the weekend. removing statues of confederate meters could be a slippery slope pointing to the fact that some of the founding fathers were slave owners. this is the city of baltimore overnight removing for confederate statues while a lexington, kentucky, officials are planning to take down to confederate memorials of their own. meanwhile, theç removal of imas of robert e lee, jefferson davis, and others. i'll let you go first, marie, what do you think? >> marie: confederate leaders took their country to defend the institution of slavery. i think there is a serious conversation that town seem to have. they did numerous town halls with citizens peer they formed a committee with a study that looked at all the different issues of what they should do. some of the founding fathers in
places like monticello and mount vernon are trying to figureç out ways to better deal with the fact that they were slave owners. they have a lot of history and how you deal with those particular parts of the founding fathers history. this is complicated, but confederate leaders equating them with the founding fathers who had complicated personal situations that often include slavery, i think that was a step too far. >> juan: i've been invited to speak at some of these presidential homes and memorials in part because people want to hear the civil rights angle and the way they've been doing it as they blame the fact thatç they were slave owners and their human beings and they have stories to be told about living that time period and the contributions they made in terms of building the homes and work in the plantations and it's also true of the white house, sold their real people and they are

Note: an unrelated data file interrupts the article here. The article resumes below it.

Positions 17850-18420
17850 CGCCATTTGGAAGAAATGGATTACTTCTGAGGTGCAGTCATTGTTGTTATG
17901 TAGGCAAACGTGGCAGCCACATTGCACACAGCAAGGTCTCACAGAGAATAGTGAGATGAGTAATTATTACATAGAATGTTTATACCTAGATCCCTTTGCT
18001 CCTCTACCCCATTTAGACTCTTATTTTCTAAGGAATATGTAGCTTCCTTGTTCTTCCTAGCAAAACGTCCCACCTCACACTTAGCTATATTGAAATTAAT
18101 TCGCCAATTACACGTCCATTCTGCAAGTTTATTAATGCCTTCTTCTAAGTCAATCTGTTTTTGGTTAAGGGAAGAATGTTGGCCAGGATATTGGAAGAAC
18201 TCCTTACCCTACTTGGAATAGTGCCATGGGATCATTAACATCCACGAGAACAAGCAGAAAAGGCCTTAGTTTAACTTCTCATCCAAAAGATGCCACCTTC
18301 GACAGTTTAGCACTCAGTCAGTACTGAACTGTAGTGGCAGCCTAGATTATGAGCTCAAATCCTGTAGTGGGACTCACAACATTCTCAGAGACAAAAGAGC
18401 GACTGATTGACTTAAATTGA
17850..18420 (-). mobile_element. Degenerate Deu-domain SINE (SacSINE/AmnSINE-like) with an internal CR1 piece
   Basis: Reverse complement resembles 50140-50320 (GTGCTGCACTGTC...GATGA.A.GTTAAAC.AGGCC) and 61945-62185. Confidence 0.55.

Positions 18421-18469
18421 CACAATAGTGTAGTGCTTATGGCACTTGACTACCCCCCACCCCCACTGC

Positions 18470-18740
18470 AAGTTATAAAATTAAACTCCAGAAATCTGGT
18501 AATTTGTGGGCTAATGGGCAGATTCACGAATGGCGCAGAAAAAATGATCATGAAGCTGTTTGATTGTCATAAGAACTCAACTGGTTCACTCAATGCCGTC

part of our american experience. the thing about the difference that president trump was calling out, i find it so confusing that a lack of moral clarity. if you're talking about these people, what you're talking about is living in a time of slavery as opposed éo people wo were trying to break apart our country and defend slavery when they understood that that institution was now being called out as a moral abyss. >> harris: i'm curious, you've got some of these statues that are coming down with vandalism, other communities are making the decision to bring theirs down. what kind of a timetable do you think you're looking at right now in terms of bring the confederate statues down? what should the goal be? because you don't want to breeze over a part of history for fear that we wouldn't talk about certain things. that's one side of the argument